<cffunction name="test">
        <cfset var rs = ''/>
        <cfhttp url="" result="rs"/>

    <cffunction name="test2">
        <cfset var rs = ''/>
        <cfhttp url="" result="rs"/>
This keeps the CFHTTP results encapsulated inside the function scope. Rerun the test script and you'll find that there is no longer a CFHTTP variable in the CFC's variable scope.

Of course in addition to CFHTTP there are other Coldfusion tags that create special scopes (cffile with the "upload" action for example). As a rule of thumb when you are caching CFCs in the application scope, take an extra look at any calls to external resources made from within a function.

And now, dear readers, I'm sure that some of you will be tempted to comment on whether you should or should not be using the application scope in this way. Please understand that the muse believes there are folks on both sides of the issue that have a legitimate point of view - and keep the comments charitable.

Related Blog Entries

Brian Kotek's Gravatar This is all true. The need to var-scope variables within CFCs that are assigned to a shared scope is already quite widely known. Though it is such a critical thing to understand that it does need to be reiterated on occasion.

The same thing hold true for *any* variable that is used within a method: query result sets, loop index variables, etc. Note that avoiding the issue in this case can also be achieved by var scoping the cfhttp structure within these methods: <cfset var cfhttp="" /> will do the same thing.

To comment on your final thought, there is nothing at all wrong with instantiating CFCs into the application scope; it is done all the time. Every framework, from Model-Glue to ColdSpring, does this. It's ColdFusion's implementation of the Singleton pattern. Using it does mean, as you point out, that diligent care must be taken to var-scope properly. Basically, if you explicitly want to put something into the variables scope of a CFC, specify it using "variables.myVar". Otherwise, var scope absolutely everything else.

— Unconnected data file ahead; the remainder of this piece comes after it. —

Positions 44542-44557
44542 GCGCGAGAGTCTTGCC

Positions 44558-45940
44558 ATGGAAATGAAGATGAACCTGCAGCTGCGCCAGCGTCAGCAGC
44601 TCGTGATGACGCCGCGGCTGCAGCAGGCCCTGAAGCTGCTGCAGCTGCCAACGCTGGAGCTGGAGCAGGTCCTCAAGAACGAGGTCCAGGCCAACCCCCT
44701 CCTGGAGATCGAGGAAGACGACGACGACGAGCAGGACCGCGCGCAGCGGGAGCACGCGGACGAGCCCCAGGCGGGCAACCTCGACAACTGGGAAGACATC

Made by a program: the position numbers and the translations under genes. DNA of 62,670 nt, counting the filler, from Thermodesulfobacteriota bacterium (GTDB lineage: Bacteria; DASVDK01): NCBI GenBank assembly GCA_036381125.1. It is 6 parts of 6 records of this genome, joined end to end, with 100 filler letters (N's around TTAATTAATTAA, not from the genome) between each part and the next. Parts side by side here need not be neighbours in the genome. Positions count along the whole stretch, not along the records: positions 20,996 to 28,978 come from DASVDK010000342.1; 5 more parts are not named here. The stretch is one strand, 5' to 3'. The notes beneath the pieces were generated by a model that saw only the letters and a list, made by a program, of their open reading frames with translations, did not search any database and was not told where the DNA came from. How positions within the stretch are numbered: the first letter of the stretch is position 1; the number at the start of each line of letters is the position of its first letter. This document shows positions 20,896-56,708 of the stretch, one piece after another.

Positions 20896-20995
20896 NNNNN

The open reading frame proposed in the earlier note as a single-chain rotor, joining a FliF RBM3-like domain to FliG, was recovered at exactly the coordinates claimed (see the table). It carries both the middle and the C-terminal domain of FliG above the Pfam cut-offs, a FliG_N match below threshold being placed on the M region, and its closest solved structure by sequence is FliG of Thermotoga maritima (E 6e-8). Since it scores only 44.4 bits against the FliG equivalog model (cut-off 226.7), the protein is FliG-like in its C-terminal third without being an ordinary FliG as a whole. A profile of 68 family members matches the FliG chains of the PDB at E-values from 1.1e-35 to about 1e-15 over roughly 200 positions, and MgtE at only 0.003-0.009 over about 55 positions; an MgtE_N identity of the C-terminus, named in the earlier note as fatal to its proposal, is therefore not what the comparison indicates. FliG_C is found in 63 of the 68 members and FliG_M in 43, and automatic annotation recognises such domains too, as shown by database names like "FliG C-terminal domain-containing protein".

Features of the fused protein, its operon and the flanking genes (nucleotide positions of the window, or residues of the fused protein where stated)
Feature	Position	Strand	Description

# Posted By Brian Kotek | 6/16/08 5:11 PM
Steve 'Cutter' Blades's Gravatar @Brian - But isn't the cfhttp returned variable actually a structure? Wouldn't this cause one of those "attempted to access a scalar variable", or something similar? So maybe better to

<cfset cfhttp = {} />

I could be wrong, I didn't test any of this. Maybe someone could write a quick test?
# Posted By Steve 'Cutter' Blades | 6/16/08 10:00 PM
Brian Kotek's Gravatar Hey Cutter. No it doesn't. Being dynamic, CF will just assign the structure to the variable, it doesn't matter what type it was initially.
# Posted By Brian Kotek | 6/16/08 10:06 PM
Brian Kotek's Gravatar Just reading that I thought maybe it sounded terse and that wasn't my intent at all. :-)

So just to be sure, what I meant was: Hey Cutter how are ya. No, it doesn't trigger an error or anything. CF will just assing the structure to the variable, regardless of what type it was initially.
# Posted By Brian Kotek | 6/16/08 10:08 PM
Brian Kotek's Gravatar Um...that's ASSIGN! :-o
# Posted By Brian Kotek | 6/16/08 10:09 PM
Steve 'Cutter' Blades's Gravatar @Brian - Hey Brian, How ya doin'? ;)

Yeah, I couldn't remember. I think I was going a little too quick there, because now that I think about it it's typically the other way around. If I declare a var as a struct, then attempt to assign a string instead, then it throws the scalar variable error.

Thanks for keeping things straight. I will now go write 1000 times "I must not code in sleep, I must not code in sleep..."
# Posted By Steve 'Cutter' Blades | 6/17/08 5:38 AM
Mike Henke's Gravatar Mark - check out this project VarScoper -
# Posted By Mike Henke | 6/19/08 11:49 AM
james beuthling's Gravatar what is faster to use the cfhttp or the cffile tag ?
# Posted By james beuthling | 3/6/09 2:55 PM
Declan's Gravatar Hey i have same problem with results coming back from cfstoredproc, whats the best way to solve this , thanks
# Posted By Declan | 3/17/09 4:38 AM